Setting the effects chain was a breeze,
too. After pressing the EFFECT button,
the dual screens light up with the chain on
the left, and the selected effect’s settings on
the right. I normally like to put my EQ
pedal after the preamp, so all I had to do
was twirl the knob underneath the word
SELECT on the effects chain LCD until I
found the EQ effect and turn the MOVE
knob until the effect dropped itself to
where I wanted it in the chain. It’s simple,
efficient, and very little fuss.
Tone-wise, the GT- 100 has its strengths
and weaknesses. I found the mid-gain range
of amp models to be more natural and full
than the clean and blistering high-gain
tones—unusual given how many modelers emulate the more extreme ends of the
tonal spectrum best. Yet with the Ibanez
and the GT- 100, I had few issues dialing
in fat, rounded overdrive with great body
and definition—provided that I didn’t turn
the gain levels up too high. The flip side is
that nearly all of the amplifier modes and
distortion emulations exhibited some woofi-ness and congestion when pushed hard.
Thankfully there’s a workaround—setting
up a dual-amp rig with less amounts of gain
set for each one.
On the other end of the scale, I was able
to coax some pretty nice cleans from the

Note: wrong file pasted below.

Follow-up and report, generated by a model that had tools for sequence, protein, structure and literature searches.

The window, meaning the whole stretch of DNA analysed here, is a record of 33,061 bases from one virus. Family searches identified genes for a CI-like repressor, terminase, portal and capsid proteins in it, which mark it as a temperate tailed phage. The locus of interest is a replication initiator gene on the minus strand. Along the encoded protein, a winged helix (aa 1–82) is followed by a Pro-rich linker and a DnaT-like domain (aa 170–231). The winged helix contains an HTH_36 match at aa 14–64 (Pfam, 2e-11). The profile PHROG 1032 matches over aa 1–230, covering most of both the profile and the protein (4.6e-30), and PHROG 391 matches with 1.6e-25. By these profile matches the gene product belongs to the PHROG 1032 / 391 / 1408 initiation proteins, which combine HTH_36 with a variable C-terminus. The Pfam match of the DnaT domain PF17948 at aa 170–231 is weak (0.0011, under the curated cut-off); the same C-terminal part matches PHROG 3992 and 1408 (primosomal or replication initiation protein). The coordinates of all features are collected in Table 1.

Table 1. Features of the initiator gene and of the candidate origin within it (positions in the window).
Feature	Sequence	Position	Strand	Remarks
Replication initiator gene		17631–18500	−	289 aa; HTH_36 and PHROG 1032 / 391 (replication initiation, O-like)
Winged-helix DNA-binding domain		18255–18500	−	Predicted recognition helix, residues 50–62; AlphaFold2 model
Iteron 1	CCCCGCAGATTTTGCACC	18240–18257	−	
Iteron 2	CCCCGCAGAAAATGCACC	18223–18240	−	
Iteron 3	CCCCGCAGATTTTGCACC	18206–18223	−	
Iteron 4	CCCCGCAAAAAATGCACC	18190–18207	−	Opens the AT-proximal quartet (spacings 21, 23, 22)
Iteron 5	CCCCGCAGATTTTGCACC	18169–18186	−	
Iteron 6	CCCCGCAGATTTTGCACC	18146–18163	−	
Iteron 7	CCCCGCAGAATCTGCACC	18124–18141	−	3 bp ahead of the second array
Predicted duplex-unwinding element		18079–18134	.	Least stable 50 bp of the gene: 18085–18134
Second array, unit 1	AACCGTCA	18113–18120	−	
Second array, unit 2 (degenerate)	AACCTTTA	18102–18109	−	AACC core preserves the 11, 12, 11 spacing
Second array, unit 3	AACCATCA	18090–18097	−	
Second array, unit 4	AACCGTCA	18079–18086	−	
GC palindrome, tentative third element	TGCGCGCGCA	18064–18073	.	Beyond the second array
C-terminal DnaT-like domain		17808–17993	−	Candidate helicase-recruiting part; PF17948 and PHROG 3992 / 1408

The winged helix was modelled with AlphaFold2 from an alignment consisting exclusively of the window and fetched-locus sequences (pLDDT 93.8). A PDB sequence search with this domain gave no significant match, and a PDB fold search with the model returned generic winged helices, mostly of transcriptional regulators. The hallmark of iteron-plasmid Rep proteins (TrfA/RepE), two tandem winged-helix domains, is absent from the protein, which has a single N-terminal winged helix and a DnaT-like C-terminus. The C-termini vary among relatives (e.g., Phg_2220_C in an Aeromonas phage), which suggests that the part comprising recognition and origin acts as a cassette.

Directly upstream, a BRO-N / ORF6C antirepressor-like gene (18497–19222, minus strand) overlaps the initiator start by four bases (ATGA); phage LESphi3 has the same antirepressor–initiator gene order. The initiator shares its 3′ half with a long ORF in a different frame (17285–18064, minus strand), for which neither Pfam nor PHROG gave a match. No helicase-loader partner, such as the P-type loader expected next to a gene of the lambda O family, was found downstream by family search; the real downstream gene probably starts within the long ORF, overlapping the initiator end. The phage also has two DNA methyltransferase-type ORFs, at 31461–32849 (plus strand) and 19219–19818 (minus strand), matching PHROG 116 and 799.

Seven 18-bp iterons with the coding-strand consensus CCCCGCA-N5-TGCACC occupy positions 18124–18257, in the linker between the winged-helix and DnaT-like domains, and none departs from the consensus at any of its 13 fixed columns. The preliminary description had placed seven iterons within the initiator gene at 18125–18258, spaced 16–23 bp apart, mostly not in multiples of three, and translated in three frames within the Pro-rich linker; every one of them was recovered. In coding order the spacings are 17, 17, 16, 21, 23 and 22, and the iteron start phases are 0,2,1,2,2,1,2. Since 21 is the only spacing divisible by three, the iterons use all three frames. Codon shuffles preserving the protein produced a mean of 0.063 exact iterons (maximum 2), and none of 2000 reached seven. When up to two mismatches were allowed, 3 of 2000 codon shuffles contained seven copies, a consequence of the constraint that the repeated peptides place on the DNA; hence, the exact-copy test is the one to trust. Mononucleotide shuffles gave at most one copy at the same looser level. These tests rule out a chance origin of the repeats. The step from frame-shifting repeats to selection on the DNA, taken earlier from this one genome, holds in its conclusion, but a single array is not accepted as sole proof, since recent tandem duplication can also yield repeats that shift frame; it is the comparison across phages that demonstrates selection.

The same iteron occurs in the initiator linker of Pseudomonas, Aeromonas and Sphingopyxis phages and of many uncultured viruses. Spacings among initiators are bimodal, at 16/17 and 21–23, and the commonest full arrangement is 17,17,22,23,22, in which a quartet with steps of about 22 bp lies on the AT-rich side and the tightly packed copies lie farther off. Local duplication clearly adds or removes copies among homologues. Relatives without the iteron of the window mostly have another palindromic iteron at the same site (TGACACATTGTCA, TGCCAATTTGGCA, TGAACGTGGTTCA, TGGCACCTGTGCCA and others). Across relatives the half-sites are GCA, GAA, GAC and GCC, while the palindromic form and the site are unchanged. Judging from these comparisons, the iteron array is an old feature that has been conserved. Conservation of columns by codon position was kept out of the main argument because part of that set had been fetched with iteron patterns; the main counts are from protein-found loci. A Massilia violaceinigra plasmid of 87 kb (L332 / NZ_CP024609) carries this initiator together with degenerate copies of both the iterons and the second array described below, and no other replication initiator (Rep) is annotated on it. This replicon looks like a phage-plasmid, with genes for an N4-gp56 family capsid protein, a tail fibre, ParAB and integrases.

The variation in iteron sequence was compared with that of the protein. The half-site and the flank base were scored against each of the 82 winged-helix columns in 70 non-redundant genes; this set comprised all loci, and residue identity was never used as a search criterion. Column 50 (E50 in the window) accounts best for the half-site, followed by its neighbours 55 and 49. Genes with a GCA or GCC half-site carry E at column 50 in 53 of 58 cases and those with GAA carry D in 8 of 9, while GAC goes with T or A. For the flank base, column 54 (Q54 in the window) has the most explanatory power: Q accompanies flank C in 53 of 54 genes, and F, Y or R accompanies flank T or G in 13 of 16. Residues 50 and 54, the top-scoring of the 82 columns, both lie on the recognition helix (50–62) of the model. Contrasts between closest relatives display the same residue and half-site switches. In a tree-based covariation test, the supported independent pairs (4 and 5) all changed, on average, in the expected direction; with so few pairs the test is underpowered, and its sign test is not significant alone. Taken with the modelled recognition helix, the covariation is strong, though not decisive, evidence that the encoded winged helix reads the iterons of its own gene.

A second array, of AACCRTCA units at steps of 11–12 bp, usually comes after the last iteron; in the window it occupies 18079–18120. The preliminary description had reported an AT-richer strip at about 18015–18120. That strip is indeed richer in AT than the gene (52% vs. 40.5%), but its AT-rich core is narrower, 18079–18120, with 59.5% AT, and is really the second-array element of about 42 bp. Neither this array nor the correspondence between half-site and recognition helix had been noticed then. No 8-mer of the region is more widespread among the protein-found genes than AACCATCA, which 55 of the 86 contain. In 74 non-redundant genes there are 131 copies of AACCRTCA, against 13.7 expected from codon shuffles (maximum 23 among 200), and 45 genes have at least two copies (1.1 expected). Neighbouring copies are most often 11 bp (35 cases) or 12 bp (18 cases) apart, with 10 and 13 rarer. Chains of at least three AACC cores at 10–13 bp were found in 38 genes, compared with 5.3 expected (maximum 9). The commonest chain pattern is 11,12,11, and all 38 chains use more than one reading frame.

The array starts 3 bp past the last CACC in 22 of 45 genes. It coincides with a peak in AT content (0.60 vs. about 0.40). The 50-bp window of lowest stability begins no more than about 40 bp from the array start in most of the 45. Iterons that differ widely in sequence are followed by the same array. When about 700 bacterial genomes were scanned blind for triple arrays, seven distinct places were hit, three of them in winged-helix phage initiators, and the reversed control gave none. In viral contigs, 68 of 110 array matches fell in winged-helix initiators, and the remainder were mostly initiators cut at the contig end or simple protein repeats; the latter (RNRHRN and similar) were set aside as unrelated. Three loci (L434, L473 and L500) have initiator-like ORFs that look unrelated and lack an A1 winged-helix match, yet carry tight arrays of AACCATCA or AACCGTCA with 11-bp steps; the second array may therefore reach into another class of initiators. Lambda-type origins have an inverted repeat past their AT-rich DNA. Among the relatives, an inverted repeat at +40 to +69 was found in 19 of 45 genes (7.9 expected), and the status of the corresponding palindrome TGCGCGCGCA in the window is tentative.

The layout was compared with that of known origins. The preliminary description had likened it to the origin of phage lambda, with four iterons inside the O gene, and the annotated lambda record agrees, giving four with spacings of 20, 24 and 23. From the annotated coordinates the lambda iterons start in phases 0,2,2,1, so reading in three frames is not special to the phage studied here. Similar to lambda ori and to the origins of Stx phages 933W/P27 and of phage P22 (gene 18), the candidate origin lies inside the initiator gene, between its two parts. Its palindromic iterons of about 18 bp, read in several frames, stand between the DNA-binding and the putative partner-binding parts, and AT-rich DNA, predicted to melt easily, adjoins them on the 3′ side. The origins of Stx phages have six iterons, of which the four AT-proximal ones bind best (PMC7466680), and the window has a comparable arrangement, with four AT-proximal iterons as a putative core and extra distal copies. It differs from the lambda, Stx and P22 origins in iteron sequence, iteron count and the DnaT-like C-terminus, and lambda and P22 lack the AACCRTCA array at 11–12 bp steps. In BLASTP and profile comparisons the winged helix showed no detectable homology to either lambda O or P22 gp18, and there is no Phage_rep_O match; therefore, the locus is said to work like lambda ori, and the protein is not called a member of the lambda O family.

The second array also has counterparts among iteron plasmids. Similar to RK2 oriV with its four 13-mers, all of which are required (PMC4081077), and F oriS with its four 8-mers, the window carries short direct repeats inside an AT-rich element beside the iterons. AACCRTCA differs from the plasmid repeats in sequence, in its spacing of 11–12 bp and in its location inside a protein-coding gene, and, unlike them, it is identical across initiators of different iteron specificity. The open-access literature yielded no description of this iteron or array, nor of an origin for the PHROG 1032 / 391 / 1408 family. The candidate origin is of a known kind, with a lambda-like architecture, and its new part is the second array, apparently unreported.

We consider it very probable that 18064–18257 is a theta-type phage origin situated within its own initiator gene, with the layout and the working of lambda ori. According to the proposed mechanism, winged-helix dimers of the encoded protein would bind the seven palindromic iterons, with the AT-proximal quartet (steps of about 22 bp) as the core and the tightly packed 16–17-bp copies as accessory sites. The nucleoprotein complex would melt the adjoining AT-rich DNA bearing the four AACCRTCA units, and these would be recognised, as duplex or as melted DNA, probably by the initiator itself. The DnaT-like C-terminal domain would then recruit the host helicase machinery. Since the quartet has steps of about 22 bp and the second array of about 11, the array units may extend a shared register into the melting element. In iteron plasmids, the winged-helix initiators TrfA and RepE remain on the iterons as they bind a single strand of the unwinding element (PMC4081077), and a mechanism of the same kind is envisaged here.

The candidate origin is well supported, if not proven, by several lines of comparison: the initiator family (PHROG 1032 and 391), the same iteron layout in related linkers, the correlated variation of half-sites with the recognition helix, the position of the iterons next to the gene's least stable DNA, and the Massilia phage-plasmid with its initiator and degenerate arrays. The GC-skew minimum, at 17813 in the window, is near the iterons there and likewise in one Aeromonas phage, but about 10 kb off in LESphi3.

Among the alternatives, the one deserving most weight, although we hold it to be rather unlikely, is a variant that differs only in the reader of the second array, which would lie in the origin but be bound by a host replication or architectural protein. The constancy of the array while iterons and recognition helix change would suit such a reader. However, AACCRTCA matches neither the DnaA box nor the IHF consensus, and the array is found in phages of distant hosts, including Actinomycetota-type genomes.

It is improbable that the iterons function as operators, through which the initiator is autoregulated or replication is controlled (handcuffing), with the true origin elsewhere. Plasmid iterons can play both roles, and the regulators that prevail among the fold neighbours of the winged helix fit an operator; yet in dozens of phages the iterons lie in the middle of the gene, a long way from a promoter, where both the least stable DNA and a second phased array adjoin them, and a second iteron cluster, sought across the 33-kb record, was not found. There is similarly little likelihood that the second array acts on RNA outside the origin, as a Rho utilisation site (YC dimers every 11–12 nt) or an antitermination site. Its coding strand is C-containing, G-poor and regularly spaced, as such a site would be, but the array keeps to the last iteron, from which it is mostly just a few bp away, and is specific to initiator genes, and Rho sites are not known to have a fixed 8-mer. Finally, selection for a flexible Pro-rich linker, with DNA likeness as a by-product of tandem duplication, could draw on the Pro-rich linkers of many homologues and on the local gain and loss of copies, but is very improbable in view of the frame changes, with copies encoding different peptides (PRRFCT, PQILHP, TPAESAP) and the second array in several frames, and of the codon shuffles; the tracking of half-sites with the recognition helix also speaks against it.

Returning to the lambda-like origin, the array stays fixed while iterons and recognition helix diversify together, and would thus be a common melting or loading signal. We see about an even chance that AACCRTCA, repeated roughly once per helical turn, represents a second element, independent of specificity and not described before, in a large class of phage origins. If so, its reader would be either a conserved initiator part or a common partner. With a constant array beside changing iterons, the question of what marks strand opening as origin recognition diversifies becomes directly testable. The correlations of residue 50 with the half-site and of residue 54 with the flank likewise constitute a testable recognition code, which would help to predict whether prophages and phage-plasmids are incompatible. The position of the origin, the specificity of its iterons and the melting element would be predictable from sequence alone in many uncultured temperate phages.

GT- 100’s array of amp models, especially
from the Vox AC30 and highly-accurate
Roland JC- 120 models. Each was fairly
This is, without a doubt, one of the
easiest-to-use floorboard processors
that I’ve come across in a long time.
sensitive to changes from the guitar’s volume knob and reacted accordingly by
smoothing out the highs and mids.
If you make extensive use of effects, the
GT- 100 is an absolute monster. Overdrives
and boosts reacted accurately to most of
the amp models—delivering more grit and
drive and a rounded midrange. Modulation
effects ranged from cool and conservative
choruses to stunning, synthetic soundscapes
(Seriously, try running a mix of the Slicer
and Pitch Shifter into a ton of reverb. It’s
amazingly ethereal). The heavier distortions
and fuzz models sounded good when set
more conservatively, but were rather difficult
to keep defined at more aggressive settings.
Boss’s GT- 100 is certainly a positive evolution of the GT- 10. It has limitations—most
notably if you’re a heavy player that uses
a lot of extremely distorted settings. That
limitation aside, it’s an immensely powerful tool for shaping your tone, has excellent mid-gain and clean tones and most
importantly, reacts to your playing style and
dynamic changes. And with the USB direct
recording port and a myriad of connection options, and the GT- 100 is one of the
best options out there for the player who’s
looking for everything-but-the-kitchen-sink
recording and performance multi-effector
without the mess and hassle of complicated
switching and routing.
Pros: Tons of connection options. Great modulation effects
and mid-gain tones. Reacts well to playing dynamics.
Boss GT- 100, $549 street, bossus.com
Cons: Extreme distortion settings sound congested and